Recent Legislation Affects Contractor’s Written Warranty Agreements

Recent Legislation Affects Contractor’s Written Warranty Agreements

By Hunter B. Emerick
Saalfeld Griggs PC

In its most recent session, the Oregon Legislature amended the 2003 Notice of Defect Act. The Notice of Defect Act generally requires that a residential owner provide a written notice to a contractor describing the details of any construction defect before that owner may commence any action against the contractor. The new legislation expands the Notice of Defect Act by providing both residential and commercial contractors with an opportunity to attempt to define the standards by which a construction defect will be judged.

The Written Warranty Act (SB 574) (the “Act”) allows contractors who build a new structure to record a written warranty agreement in the county records. The Act directs county clerks to accept written warranty agreements for recordation into the county records. The new statute requires that written warranty agreements are signed and acknowledged by both the contractor and original owner of the new structure, set forth any express warranties furnished by the contractor, and identify the contractor, the original property owner, and the real property. The Act specifically provides that all subsequent owners of the structure will be placed on notice of both the benefits and the burdens of the written warranty agreement. Finally, the Act provides that the written warranty agreement will not affect title to the property any longer than ten (10) years after the date the instrument is recorded.

This new statute is only permissive. A contractor is not required to make a written warranty agreement or enter such an agreement into the county records. This legislation was sponsored by the Oregon Homebuilders’ Association. There may be, however, some significant risk management strategies which might motivate both residential and commercial contractors to enter into such agreements with the original owners of new structures and then record those agreements in the county records.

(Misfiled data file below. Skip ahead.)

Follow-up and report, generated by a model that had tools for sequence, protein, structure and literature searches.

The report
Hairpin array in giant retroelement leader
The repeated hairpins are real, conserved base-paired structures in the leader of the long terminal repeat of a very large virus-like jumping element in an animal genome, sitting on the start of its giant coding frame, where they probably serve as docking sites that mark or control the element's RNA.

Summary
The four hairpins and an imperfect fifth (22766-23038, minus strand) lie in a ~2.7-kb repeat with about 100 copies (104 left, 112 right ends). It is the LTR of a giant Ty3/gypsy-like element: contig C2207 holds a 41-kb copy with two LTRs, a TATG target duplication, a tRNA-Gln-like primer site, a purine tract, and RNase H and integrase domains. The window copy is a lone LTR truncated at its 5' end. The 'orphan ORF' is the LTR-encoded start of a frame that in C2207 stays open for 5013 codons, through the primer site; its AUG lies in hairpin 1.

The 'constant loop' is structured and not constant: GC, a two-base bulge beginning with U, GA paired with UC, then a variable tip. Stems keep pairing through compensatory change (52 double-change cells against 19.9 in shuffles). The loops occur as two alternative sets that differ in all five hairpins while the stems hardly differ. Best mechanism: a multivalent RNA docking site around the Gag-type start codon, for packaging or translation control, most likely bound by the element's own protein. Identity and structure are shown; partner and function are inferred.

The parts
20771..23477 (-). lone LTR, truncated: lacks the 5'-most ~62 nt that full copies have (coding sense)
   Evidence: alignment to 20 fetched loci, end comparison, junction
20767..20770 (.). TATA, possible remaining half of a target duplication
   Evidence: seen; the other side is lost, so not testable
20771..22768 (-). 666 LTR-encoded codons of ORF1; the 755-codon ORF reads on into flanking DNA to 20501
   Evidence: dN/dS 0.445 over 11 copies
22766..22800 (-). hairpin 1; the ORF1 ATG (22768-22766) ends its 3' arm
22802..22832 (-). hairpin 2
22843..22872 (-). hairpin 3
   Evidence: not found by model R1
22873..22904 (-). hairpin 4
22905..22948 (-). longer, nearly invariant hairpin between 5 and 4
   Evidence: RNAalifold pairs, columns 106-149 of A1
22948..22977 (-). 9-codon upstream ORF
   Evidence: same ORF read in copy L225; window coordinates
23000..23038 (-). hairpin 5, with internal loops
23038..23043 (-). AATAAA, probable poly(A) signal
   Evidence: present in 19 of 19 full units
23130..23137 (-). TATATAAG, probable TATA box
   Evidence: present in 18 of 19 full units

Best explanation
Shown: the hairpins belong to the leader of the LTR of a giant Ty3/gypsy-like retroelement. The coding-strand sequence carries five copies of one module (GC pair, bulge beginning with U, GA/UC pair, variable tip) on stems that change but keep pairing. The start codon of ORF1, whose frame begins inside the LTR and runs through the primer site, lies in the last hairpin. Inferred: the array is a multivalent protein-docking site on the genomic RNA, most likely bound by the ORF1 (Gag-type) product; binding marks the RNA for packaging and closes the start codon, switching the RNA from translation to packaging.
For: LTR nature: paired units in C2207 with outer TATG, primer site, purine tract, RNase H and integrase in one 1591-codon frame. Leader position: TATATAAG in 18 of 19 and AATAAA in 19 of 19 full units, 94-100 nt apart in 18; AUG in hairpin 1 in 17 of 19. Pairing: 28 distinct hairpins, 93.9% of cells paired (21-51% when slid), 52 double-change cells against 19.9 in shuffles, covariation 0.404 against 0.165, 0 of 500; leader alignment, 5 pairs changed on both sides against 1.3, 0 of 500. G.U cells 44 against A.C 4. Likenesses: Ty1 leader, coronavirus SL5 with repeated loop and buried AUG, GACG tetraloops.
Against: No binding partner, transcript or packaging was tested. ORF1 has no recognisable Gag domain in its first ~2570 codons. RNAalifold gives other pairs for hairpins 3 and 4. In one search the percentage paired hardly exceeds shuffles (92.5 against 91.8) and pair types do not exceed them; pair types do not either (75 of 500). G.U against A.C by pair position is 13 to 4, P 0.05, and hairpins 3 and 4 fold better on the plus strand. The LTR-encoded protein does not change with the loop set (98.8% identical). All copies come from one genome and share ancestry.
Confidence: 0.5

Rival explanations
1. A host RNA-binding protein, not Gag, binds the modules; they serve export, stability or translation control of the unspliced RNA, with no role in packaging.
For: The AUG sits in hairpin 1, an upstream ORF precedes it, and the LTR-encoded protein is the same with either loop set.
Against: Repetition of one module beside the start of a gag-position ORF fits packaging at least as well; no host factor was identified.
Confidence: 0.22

Frequently, the courts imply warranties of workmanship into newly constructed residential and commercial properties. These warranties are imposed by courts without the parties agreeing to any particular warranty to be offered by the contractor. In addition, with newly constructed residential structures, courts frequently imply a warranty of habitability.

Because these implied warranties have been developed by the courts, the full scope, extent, and definition of those implied warranties are ill-defined. This lack of specificity leads to inconsistent applications and difficulties in predicting whether any specific defect alleged by a homeowner has violated a standard of workmanship. Frequently, the standards of workmanship asserted by the experts for both sides are no more than the culmination of those witnesses’ personal experiences in a specific trade.

Because of this imprecision, contractors should use disclaimers on the implied warranties imposed on them by the courts. The courts developed these implied warranties by analogy to warranties that are implied under the Uniform Commercial Code for sales of goods. The Uniform Commercial Code allows sellers of goods to disclaim implied warranties, if done in an appropriate and conspicuous manner. Certainly, one reason a contractor might decide to enter into a written recorded warranty agreement would be to disclaim these implied warranties of workmanship and habitability.

Of course, the original owner would more likely sign a written warranty agreement if a written express warranty was provided in exchange for the disclaimer. The benefit for the contractor in entering into a written express warranty would be that the contractor could clearly and precisely define the scope and extent of the written warranty. The contractor could also require that an objective standard be used to judge whether any alleged construction defect violated the warranty and if so, what might be a reasonable cure. By doing so, the contractor could better manage the risk of construction defect claims by providing a predictable and consistent standard against which the contractor’s work would be judged. In addition, the contractor could consider other terms in the written warranty agreement, such as restricting the period of time within which warranty or defect claims could be made.

ontractors should become familiar with the Written Warranty Act (SB 574) and consider using documents in their business which will allow them to take advantage of the risk management opportunity presented by this new statute. Please call our office if you have any question regarding this new law.